The King’s Chapel Burial Ground was established in 1630, on land that had formerly belonged to colonist Isaac Johnson. Johnson is believed to be the first person interred there, following—according to legend—his request to be buried in his pumpkin patch. Between 1630 and 1660, King’s Chapel Burial Ground was the only cemetery in Boston. Notable occupants include Mary Chilton, the first woman to step off the Mayflower; Paul Revere’s compatriot, William Dawes; Ralph Waldo Emerson’s father, William Emerson; Hezekiah Usher, the colonies’ first publisher; and the first governor of Massachusetts, John Winthrop. Many other early colonists, notable puritans, war heroes, and a pirate are buried there.
The cemetery is also notable for two famous headstones. The first, belonging to Joseph Tapping, is one of the most intricately carved of its day, depicting father time and the skeletal figure of death snuffing a lit candle. The second was erected for Elizabeth Pain in 1704. It reads, “Here lies Elizabeth Pain, wife to Samuel Pain,” and is decorated with a coat of arms and a winged skull. It is believed to be the inspiration for the gravestone of Hester Prynne, the protagonist of Nathaniel Hawthorne’s 1850 novel The Scarlet Letter. Set in the mid-1600s, The Scarlet Letter tells the story of a woman living in Puritan Boston who is convicted of adultery and made to wear a scarlet “A.” The book chronicles her struggle for dignity in the face of sin and ostracism. Hawthorne describes Prynne’s burial:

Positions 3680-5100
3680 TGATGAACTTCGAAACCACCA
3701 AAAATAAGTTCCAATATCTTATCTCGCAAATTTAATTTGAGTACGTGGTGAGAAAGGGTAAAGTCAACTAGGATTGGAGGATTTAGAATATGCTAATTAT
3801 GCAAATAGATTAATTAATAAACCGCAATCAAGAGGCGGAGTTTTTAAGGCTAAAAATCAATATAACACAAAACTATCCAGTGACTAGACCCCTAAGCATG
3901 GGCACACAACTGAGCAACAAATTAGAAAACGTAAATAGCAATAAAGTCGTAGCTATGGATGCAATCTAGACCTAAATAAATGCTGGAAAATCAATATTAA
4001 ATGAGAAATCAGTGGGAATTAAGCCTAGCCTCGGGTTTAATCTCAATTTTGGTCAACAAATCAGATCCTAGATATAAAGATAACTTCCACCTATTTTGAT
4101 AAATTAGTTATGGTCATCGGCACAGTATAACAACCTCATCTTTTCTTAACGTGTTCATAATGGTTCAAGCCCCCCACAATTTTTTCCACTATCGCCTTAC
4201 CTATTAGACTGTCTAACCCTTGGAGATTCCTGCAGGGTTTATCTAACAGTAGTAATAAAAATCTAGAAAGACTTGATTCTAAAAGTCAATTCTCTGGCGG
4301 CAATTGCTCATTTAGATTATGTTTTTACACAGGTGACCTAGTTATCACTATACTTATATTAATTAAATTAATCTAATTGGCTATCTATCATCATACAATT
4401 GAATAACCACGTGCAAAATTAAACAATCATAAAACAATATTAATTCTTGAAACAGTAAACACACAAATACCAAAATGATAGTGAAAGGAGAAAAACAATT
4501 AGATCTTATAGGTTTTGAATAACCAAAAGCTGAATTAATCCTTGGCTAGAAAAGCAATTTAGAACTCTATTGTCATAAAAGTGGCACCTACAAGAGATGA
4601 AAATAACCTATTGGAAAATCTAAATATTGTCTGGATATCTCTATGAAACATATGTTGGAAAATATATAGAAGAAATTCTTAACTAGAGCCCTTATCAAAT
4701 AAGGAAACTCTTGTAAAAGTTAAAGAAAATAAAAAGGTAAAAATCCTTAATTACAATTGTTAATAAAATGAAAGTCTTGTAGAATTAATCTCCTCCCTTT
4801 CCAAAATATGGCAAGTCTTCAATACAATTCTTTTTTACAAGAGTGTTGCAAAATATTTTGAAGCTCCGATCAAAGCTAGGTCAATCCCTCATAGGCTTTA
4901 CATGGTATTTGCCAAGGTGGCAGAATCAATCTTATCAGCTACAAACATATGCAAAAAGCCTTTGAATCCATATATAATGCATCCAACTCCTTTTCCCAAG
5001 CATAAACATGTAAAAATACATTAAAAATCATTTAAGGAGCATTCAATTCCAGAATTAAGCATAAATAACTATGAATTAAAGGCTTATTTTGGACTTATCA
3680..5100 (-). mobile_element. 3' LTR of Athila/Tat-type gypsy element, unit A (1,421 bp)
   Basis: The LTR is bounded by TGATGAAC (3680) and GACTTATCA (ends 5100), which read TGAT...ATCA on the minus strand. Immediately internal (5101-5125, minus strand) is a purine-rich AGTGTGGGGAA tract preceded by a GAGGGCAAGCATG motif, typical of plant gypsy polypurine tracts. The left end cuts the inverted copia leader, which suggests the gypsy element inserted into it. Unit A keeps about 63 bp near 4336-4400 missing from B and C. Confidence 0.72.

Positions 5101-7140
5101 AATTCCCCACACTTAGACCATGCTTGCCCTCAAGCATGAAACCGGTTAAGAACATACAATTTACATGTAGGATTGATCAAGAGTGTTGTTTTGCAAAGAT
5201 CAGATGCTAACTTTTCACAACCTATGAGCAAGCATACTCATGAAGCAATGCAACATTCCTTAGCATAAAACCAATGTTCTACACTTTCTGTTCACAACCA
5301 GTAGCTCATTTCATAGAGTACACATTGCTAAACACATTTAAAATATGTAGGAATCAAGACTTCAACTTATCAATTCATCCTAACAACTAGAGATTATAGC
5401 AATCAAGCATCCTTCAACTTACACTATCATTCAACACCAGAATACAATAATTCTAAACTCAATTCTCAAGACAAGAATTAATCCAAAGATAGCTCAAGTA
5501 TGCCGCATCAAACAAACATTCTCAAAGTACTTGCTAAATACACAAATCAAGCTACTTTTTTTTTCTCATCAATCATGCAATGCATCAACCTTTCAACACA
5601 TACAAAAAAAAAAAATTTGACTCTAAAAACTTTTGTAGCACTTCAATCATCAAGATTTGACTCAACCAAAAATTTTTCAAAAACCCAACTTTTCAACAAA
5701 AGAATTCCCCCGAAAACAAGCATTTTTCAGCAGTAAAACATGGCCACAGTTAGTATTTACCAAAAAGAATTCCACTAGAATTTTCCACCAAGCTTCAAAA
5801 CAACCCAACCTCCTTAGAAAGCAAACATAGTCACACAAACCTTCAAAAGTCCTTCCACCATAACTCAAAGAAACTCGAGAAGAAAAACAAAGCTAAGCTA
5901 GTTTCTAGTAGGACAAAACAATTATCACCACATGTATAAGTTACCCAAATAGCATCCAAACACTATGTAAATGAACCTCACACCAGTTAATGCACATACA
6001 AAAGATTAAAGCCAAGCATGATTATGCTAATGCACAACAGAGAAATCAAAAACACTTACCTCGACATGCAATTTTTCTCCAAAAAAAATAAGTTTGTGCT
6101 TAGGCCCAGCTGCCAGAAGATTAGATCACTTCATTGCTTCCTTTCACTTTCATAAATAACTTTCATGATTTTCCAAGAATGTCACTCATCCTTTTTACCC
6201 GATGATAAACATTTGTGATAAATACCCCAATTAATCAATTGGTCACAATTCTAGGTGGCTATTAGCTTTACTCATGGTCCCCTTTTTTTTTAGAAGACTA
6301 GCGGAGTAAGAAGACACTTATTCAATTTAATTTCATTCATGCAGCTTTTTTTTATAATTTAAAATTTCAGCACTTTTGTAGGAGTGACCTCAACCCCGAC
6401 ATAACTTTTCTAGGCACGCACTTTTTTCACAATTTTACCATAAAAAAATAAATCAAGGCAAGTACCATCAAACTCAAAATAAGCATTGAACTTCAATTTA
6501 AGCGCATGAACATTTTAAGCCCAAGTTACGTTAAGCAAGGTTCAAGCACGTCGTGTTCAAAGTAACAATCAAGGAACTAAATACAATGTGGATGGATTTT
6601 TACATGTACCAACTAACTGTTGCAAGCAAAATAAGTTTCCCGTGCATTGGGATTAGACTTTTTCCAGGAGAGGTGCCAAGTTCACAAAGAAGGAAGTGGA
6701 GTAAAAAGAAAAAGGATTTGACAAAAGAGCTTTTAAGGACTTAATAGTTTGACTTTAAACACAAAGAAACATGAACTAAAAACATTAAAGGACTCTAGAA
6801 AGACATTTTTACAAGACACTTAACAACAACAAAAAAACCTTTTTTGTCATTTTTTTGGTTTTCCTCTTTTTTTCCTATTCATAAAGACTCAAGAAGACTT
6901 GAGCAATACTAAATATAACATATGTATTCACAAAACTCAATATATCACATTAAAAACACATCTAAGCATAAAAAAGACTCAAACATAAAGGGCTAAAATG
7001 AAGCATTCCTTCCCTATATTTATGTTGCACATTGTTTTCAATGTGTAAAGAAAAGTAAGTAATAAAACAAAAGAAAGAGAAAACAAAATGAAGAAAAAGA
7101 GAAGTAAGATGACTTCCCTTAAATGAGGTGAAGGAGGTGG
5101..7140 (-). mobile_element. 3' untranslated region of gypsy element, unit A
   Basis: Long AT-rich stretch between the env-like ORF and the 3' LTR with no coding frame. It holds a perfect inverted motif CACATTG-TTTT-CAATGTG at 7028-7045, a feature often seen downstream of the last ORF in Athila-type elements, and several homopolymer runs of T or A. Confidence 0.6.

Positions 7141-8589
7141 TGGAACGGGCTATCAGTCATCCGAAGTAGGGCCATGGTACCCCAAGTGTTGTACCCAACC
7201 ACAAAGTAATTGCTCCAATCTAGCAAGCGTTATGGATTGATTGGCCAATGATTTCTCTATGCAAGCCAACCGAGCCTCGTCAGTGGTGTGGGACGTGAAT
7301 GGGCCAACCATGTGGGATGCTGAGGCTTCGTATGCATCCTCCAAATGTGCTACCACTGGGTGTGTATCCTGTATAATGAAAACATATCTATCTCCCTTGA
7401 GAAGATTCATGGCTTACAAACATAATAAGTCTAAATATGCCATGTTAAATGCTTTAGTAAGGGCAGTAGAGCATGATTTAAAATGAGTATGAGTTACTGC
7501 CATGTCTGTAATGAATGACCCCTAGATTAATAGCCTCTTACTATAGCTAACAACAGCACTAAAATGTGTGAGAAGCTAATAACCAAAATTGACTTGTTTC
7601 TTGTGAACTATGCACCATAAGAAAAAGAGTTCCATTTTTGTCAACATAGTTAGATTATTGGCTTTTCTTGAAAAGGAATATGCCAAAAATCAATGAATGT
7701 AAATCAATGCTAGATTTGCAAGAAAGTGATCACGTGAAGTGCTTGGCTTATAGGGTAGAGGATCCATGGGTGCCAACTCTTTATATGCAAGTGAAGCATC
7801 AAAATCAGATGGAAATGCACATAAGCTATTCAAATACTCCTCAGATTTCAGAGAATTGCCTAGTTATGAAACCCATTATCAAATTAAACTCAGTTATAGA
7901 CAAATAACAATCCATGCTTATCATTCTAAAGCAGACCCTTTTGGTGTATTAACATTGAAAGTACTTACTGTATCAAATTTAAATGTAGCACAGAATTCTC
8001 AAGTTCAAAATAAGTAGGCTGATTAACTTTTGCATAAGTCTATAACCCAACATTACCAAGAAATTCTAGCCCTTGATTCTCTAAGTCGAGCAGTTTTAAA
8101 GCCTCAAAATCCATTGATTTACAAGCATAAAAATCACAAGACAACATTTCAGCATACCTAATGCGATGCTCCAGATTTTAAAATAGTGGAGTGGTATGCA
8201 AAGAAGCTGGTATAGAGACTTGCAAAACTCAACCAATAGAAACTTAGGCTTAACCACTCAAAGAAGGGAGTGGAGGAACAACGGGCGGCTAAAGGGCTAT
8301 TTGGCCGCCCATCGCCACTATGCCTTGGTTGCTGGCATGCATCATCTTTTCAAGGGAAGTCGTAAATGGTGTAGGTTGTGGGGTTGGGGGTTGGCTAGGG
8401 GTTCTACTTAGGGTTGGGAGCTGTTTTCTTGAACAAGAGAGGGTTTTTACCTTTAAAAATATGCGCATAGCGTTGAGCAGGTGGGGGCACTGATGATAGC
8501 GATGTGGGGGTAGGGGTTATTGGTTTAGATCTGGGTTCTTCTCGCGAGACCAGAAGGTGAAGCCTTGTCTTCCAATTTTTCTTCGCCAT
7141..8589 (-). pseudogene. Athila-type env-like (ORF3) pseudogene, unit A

“After many, many years, a new grave was delved, near an old and sunken one, in that burial ground beside which King’s Chapel has since been built. It was near that old and sunken grave, yet with a space between, as if the dust of the two sleepers had no right to mingle. Yet one tombstone served for both… On this simple slab of slate—as the curious investigator may still discern, and perplex himself with the purport—there appeared the semblance of an engraved escutcheon [a shield or coat of arms].”
The chapel that Hawthorne describes still stands. The land it occupies was set aside by decree of King James II, and a wooden church was built on the site in 1688. A stone structure was completed in 1789 for an oration attended by George Washington. Since, notable parishioners have included Louisa May Alcott, Benjamin Franklin, John Hancock, and Oliver Wendell Holmes. The chapel contains the oldest pulpit in continual use in the US.
Certain books were “banned in Boston” at least as far back as 1651, when one William Pynchon wrote a book criticizing Puritanism.